Gross domestic product by industry, April 2017
After increasing 0.5% in March, real gross domestic product (GDP) rose 0.2% in April as 14 out of 20 sectors grew.
Service-producing industries increased 0.3% on widespread growth across sectors. Goods-producing industries were essentially unchanged as growth in mining, quarrying, and oil and gas extraction was largely offset by a decline in manufacturing.
Mining, quarrying, and oil and gas extraction continues to grow
The mining, quarrying, and oil and gas extraction sector (+1.2%) grew for the third time in four months in April. Support activities for mining and oil and gas extraction registered double-digit growth for a second consecutive month, increasing 11% as both drilling and rigging services expanded.
Oil and gas extraction declined 0.8% in April as a decrease in non-conventional oil extraction more than offset growth in conventional oil and gas extraction. The decline in non-conventional oil extraction in April was largely the result of ongoing production difficulties at an upgrader facility in Alberta, following a fire and explosion there in March.
Mining excluding oil and gas extraction was up 2.7% in April after declining the previous two months. Metal ore mining grew 2.7% as iron, gold and silver, and other ore mining expanded. Non-metallic mineral mining rose 2.0% following three consecutive decreases, primarily due to higher potash output and exports. Coal mining increased 5.1% as strength in coal exports continued.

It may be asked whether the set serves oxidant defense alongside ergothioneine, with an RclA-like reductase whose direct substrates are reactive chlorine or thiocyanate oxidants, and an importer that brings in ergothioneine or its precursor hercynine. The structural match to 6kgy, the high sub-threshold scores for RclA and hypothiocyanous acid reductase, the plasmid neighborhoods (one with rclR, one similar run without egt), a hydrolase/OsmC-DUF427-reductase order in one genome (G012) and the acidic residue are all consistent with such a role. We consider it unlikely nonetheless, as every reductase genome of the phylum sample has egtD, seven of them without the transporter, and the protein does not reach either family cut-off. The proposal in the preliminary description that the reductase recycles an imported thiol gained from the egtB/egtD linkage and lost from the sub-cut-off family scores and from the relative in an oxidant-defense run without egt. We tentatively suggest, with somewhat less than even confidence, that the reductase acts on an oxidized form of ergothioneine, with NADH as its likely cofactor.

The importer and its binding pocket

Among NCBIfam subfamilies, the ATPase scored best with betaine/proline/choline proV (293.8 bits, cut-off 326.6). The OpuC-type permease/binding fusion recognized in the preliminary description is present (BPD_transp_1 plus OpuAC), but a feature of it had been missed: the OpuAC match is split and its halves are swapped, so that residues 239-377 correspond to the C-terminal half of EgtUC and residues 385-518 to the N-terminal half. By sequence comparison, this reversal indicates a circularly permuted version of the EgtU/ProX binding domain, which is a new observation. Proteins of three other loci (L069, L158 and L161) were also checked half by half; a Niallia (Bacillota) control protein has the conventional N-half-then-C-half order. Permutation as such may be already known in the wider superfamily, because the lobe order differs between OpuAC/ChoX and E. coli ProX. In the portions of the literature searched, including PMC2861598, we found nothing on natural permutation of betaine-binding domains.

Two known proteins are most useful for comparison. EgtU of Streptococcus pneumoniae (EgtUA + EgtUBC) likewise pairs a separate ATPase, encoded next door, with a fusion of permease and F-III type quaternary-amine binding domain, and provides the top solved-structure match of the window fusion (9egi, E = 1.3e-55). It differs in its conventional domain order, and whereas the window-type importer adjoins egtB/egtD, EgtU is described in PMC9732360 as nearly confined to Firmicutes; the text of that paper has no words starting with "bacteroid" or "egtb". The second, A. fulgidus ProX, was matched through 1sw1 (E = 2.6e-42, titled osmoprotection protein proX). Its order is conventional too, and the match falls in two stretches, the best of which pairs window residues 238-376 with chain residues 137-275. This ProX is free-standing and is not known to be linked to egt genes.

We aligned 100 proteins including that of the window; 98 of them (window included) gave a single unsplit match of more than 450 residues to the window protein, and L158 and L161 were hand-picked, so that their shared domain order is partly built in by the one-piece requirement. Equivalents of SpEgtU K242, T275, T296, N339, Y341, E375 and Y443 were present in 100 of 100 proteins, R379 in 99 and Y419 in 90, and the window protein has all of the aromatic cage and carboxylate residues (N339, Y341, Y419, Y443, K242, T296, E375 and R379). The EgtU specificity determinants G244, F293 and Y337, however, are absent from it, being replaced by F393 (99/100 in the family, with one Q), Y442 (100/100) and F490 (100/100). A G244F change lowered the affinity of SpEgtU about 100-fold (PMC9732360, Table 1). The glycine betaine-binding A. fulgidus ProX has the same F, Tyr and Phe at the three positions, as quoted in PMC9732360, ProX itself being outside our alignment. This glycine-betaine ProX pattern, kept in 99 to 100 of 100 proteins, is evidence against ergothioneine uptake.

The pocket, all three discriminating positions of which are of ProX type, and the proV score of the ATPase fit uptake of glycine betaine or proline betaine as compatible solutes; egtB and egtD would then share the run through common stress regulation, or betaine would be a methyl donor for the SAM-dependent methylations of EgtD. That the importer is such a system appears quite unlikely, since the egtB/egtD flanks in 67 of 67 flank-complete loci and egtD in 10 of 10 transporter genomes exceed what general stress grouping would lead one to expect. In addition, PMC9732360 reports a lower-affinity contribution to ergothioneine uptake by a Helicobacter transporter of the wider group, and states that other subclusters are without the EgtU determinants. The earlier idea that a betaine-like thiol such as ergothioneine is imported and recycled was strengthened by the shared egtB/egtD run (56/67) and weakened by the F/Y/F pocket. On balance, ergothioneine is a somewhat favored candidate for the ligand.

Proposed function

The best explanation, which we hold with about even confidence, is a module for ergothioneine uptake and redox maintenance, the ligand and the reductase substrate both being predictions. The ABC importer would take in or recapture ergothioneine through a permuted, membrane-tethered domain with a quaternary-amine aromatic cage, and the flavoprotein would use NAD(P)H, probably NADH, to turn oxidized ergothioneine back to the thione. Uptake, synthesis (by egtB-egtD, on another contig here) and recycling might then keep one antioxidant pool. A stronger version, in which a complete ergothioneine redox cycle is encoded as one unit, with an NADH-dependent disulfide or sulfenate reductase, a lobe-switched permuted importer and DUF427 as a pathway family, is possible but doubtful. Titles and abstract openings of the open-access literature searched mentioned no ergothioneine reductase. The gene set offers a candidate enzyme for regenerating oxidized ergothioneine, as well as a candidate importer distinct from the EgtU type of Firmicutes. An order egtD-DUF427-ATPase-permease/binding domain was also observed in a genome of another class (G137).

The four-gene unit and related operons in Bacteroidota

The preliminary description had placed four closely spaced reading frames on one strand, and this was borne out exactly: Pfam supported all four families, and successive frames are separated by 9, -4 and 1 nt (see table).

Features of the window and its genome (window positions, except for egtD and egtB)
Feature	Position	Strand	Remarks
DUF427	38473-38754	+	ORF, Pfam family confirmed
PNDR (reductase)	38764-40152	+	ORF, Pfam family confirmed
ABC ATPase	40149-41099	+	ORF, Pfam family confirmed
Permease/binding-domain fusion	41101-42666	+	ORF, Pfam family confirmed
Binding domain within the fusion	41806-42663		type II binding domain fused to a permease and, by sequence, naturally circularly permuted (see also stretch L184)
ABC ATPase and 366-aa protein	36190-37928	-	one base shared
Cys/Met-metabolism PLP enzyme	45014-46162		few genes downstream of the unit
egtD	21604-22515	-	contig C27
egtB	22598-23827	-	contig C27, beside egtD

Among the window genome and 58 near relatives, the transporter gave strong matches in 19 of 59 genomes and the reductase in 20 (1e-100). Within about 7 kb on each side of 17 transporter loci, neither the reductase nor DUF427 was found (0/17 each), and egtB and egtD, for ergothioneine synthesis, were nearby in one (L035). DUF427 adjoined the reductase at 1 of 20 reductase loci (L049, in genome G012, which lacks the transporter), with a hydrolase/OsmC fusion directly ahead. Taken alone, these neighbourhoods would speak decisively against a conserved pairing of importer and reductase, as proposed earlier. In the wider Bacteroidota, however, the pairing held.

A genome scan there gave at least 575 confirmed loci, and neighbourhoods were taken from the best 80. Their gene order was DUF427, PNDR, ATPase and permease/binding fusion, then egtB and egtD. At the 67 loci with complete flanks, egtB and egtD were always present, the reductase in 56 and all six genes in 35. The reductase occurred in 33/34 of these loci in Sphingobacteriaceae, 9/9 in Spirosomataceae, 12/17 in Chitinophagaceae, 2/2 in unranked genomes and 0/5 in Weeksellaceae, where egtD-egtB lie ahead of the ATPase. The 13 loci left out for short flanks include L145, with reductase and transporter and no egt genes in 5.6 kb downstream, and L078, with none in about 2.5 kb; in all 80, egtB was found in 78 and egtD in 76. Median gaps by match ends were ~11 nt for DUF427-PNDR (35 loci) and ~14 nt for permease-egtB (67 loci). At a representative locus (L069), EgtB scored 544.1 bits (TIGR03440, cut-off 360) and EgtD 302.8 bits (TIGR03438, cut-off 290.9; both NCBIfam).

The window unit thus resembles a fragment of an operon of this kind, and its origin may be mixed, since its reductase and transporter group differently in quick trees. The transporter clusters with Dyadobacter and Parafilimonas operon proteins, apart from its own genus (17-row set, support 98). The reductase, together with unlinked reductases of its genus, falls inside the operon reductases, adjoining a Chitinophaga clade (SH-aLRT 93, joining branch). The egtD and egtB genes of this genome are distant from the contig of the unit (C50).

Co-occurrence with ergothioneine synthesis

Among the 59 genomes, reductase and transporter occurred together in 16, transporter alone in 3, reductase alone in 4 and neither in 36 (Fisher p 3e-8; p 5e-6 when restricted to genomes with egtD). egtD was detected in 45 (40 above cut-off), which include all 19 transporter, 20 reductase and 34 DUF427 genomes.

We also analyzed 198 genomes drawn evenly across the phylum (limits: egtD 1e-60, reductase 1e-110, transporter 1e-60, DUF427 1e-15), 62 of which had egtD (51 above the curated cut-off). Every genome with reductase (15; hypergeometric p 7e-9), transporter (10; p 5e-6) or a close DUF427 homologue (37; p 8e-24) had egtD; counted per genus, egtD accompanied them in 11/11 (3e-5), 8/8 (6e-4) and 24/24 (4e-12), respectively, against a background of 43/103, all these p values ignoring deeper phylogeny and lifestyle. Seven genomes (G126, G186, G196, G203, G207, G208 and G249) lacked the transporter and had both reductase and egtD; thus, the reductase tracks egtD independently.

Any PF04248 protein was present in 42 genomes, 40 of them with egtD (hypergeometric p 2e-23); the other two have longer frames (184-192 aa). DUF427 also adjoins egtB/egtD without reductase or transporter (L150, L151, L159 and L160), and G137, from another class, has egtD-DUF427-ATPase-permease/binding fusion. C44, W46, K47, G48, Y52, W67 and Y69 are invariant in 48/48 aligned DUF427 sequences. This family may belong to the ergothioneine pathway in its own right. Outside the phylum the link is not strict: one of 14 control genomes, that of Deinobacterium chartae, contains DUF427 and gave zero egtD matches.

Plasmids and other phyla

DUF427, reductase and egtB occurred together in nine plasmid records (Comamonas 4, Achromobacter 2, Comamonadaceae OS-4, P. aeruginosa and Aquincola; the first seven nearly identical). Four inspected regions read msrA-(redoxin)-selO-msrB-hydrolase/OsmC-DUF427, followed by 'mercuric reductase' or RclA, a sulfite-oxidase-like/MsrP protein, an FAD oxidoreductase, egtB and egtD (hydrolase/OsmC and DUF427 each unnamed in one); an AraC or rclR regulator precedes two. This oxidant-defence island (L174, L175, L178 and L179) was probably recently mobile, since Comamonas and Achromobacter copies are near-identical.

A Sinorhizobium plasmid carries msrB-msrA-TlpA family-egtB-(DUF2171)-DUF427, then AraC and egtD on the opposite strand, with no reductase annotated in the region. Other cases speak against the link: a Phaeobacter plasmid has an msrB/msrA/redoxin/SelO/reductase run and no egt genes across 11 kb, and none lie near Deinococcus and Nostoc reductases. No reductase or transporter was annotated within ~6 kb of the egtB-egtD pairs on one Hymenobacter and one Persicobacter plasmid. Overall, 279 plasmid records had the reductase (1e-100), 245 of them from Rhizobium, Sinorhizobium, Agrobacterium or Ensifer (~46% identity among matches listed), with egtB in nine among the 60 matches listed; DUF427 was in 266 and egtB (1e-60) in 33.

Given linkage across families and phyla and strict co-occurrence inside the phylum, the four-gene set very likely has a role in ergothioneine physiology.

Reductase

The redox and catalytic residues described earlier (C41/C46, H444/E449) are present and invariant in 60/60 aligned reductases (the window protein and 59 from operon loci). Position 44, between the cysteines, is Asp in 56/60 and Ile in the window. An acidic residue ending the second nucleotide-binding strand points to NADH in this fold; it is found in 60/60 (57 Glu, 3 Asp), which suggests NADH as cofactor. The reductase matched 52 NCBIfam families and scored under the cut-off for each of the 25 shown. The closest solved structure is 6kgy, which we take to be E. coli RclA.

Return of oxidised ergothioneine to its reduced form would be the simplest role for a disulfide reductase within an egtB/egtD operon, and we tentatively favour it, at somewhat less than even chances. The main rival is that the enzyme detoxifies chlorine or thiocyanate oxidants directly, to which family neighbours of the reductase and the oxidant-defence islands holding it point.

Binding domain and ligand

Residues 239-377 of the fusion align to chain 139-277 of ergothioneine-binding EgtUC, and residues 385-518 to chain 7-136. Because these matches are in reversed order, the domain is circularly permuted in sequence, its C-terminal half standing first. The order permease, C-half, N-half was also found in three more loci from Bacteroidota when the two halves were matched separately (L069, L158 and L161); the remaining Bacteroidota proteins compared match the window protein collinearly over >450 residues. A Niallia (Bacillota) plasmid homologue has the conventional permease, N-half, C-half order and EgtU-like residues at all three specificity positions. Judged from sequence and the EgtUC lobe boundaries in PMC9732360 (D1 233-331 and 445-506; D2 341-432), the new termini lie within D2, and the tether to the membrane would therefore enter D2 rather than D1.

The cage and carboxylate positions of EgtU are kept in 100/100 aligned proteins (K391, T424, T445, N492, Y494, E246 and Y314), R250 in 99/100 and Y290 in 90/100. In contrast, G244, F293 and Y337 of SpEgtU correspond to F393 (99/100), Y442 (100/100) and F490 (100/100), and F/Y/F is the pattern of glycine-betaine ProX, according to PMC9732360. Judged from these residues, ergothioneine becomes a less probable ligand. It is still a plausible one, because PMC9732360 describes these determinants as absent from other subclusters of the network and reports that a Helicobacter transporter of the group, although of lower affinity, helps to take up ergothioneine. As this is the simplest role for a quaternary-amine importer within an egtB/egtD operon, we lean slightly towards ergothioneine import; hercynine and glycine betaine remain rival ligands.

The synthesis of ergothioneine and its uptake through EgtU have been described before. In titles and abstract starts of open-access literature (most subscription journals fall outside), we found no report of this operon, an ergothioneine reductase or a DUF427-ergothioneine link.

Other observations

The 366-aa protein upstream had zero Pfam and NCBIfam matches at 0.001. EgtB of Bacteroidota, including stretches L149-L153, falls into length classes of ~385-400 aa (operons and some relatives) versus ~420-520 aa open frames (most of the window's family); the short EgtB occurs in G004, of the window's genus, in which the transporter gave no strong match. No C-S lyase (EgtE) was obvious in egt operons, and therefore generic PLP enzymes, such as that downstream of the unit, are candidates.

Transportation and warehousing gains in April
Transportation and warehousing was up 1.0% in April as a majority of subsectors posted gains. Leading the growth was a 3.3% increase in rail transportation as rail movement of coal, grain and fertilizers, forest products and intermodal freight increased. Pipeline transportation rose 1.6% as transportation of natural gas (+3.1%) and crude oil (+0.2%) grew in part due to higher exports. Air (+2.0%) and truck (+0.8%) transportation were up, while postal services and couriers and messengers services declined.
Wholesale and retail trade continue to grow
Wholesale trade increased for the fourth time in five months in April, with a 0.5% gain. Machinery, equipment and supplies wholesalers (+4.8%) and food, beverage and tobacco wholesalers (+1.6%) accounted for all growth in the sector, while all other subsectors contracted. The largest decline in terms of output was a 1.9% decrease in miscellaneous wholesaling, with the chemical (except agricultural) and allied product and recyclable material industries accounting for most of the decline.